7
$\begingroup$

The product of an aldol reaction is a $\beta$-hydroxy ketone. This can go on to eliminate to form an alkene thus:

Aldol reaction showing possible elimination product

However, the species on the far left of the above diagram (the $\beta$-hydroxy ketone product of the first aldol reaction) can react through an aldol reaction again given that it has two more available protons at the $\alpha$ position.

How is it possible to tell which reaction pathway will occur? Is this the issue that is referred to when the Aldol reaction is referred to as "hard to control"?

$\endgroup$
7
$\begingroup$

Partially yes. The big problem with aldol reactions in general is that there are a lot of species that can react together to form stable compounds resulting in low yield. There are numerous ways to counter this:

  • Specific enolate equivalants, like lithium enolates, silyl enol ethers, aza enolates, enamines, etc. These are among the most important.

  • Lack of proton in $\alpha$-position.

  • Strong thermodynamic favoring of certain products in combination with reversibility of the reaction.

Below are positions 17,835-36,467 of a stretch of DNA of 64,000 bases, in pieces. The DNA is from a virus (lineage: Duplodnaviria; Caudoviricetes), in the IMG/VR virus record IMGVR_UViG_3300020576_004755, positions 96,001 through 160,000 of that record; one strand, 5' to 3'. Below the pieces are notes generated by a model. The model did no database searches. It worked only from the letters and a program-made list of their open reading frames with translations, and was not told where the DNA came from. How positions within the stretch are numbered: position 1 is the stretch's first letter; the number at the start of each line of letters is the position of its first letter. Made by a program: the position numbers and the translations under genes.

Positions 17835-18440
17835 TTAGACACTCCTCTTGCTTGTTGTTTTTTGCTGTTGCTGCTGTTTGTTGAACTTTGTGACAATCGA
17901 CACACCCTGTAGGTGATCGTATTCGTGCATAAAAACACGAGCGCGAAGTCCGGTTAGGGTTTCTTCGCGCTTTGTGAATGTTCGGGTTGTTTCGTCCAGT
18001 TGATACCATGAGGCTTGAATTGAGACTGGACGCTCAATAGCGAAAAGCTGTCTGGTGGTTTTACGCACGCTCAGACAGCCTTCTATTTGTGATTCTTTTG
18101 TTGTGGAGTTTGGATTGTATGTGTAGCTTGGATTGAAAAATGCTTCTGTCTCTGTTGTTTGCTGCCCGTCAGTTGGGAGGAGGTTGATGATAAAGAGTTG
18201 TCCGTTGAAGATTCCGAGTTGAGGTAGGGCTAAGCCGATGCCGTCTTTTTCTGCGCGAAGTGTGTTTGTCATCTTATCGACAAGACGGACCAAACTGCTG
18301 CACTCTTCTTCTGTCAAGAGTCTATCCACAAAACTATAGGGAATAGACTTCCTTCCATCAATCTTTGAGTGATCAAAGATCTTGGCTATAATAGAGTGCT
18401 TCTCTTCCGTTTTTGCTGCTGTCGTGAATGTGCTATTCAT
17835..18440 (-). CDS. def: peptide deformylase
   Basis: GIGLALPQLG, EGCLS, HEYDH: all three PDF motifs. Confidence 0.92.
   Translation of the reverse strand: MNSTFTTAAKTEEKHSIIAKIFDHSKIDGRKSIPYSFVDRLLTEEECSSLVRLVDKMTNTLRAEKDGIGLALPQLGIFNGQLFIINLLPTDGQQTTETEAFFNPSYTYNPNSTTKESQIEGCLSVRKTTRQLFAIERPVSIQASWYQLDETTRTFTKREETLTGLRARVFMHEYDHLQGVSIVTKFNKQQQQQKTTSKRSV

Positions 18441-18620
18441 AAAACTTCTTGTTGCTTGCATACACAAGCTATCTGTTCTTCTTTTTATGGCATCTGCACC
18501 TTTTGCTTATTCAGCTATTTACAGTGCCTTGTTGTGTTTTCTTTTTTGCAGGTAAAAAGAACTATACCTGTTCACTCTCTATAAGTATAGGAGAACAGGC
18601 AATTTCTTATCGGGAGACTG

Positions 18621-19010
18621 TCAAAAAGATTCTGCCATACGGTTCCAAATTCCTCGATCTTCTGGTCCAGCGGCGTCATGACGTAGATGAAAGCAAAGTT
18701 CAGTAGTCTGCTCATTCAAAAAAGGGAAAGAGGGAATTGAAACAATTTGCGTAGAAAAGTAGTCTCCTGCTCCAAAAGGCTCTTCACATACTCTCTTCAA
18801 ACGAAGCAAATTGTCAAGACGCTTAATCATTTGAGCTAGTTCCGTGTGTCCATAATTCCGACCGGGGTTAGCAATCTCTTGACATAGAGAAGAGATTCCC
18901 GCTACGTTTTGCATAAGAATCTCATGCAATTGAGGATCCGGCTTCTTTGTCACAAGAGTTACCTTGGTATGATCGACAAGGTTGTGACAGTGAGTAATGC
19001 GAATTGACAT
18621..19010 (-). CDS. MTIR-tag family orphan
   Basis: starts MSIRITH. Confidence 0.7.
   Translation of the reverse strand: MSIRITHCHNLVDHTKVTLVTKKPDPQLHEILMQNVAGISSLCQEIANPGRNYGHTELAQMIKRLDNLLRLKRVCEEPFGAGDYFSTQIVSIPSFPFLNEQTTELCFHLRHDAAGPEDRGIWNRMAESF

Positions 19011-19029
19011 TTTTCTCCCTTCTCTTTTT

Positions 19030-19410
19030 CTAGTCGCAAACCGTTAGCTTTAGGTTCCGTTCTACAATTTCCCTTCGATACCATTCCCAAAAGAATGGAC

• etc.

As for your example the $\beta$-hydroxy ketone is more sterically hindered than acetone and is therefore not very likely to be the major contributor (although polymerization can still happen of course).

In general you cannot predict whether or not elimination of $\ce{H2O}$ occurs after the aldol reaction, but the likeliness can be increased by forcing certain reaction conditions.

$\endgroup$

Your Answer

By clicking “Post Your Answer”, you agree to our terms of service, privacy policy and cookie policy

Not the answer you're looking for? Browse other questions tagged or ask your own question.